Psalms 135:1

Praise you the LORD. Praise you the name of the LORD; praise him, O you servants of the LORD.
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Augustine of Hippo

AD 430
1. Very pleasant ought it be to us, and we should rejoice because it is pleasant, to which this Psalm exhorteth us. For it says, "Praise the name of the Lord" (ver. 1). And it forthwith appends the reason, why it is just to praise the name of the Lord. "Praise the Lord, ye servants." What more just? what more worthy? what more thankful? ...For if He teaches His own servants who have deserved well of Him, the preachers of His Word, the rulers of His Church, the worshippers of His name, the obeyers of His command, that in their own conscience they should possess the sweetness of their life, lest they be corrupted by the praise or disheartened by the reproach of men; how much the more is He above all, the unchangeable One, who teacheth these things, neither the greater if thou praisest, or the less if thou reproachest. ...For ye will do nothing out of place, by praising your Lord, as servants. And if ye were to be for ever only servants, ye ought to praise the Lord; how much more ought ye...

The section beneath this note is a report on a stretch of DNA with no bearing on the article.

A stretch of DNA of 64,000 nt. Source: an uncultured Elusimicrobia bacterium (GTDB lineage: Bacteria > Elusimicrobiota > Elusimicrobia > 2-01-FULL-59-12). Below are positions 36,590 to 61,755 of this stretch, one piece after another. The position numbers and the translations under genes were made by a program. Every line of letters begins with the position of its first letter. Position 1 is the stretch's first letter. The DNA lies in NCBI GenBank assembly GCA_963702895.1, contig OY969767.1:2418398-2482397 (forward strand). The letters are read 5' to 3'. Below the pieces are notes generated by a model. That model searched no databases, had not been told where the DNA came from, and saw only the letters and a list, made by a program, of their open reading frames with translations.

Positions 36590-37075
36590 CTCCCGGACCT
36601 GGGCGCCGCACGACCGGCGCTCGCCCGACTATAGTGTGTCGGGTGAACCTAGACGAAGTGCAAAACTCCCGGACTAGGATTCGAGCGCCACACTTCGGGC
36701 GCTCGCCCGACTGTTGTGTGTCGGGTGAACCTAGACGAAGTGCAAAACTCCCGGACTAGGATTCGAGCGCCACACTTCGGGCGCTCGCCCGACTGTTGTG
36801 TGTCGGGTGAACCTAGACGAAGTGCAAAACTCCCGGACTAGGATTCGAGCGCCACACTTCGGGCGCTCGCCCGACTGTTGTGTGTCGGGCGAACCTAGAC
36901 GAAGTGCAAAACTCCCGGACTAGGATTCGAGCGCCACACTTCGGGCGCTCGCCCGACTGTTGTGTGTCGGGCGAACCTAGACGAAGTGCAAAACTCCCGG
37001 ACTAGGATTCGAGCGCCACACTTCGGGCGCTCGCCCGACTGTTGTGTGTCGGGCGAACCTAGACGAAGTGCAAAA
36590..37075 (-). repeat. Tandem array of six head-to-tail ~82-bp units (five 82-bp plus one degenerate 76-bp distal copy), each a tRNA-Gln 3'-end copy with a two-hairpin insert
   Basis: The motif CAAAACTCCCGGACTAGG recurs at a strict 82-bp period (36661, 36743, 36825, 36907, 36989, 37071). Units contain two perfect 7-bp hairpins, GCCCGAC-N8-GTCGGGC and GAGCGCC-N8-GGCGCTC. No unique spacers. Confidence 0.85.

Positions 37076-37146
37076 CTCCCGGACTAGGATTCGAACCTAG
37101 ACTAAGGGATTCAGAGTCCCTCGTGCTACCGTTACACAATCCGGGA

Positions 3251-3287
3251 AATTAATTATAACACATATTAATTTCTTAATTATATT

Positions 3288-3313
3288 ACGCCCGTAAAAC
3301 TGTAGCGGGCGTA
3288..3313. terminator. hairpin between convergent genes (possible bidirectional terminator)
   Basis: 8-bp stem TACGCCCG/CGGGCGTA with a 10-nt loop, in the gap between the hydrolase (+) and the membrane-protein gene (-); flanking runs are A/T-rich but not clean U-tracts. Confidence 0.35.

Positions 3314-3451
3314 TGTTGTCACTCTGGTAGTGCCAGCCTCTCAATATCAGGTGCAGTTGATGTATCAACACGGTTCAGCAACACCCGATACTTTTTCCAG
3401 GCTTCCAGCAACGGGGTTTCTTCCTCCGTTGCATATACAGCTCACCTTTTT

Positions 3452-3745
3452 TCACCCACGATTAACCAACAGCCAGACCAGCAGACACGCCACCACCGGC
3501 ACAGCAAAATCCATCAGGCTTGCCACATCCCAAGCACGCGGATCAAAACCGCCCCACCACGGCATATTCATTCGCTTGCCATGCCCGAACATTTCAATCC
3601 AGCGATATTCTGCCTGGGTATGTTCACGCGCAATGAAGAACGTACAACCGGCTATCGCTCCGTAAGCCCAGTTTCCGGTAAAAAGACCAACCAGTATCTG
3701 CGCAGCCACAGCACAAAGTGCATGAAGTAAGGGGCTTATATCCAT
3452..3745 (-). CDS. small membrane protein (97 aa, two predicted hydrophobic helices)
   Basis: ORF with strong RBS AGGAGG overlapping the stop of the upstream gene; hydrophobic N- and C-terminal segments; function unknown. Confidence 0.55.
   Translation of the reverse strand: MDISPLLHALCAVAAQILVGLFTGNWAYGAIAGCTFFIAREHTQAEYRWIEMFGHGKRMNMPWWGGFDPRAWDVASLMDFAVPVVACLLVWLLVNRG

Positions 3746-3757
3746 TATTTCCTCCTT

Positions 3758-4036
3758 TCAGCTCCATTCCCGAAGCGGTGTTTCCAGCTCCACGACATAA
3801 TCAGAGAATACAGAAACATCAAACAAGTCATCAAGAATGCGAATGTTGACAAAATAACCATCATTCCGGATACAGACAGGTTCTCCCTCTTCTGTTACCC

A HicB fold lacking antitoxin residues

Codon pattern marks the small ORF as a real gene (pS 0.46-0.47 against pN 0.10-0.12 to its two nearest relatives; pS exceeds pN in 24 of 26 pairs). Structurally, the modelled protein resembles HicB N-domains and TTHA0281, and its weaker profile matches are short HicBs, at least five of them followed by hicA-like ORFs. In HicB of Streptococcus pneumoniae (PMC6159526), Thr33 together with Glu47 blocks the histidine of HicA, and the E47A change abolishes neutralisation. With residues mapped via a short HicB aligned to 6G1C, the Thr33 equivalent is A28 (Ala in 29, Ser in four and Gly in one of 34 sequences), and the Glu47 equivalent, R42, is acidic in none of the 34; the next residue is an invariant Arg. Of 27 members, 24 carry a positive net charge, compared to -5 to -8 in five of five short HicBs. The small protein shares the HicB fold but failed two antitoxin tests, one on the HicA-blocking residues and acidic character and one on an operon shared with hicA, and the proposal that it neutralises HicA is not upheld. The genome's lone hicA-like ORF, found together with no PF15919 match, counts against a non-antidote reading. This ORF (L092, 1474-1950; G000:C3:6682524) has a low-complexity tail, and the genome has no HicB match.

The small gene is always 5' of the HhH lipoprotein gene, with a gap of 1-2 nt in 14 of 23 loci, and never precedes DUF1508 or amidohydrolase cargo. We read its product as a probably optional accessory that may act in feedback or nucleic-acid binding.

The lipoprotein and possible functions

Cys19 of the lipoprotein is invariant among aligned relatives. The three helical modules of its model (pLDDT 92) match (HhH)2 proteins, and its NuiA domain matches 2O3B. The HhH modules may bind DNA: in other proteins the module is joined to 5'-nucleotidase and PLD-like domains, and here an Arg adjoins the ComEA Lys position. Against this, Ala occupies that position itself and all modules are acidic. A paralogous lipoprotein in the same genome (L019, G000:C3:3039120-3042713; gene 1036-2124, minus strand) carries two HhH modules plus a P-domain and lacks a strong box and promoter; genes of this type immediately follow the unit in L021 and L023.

George Leo Haydock

AD 1849
Alleluia. The psalm turns on God's praises, and might be composed by David, after he had settled the order of the Levites, though it may suit all people. (Berthier) The latter part agrees with Psalm cxiii., and Jeremias x., which might lead us to conclude that it was composed after the captivity, perhaps for the dedication of the second temple. The next psalm is a repetition of this, with the chorus interspersed. (Calmet)

Knowing this first, that no prophecy of the scripture is of any private interpretation - 2 Peter 1:20

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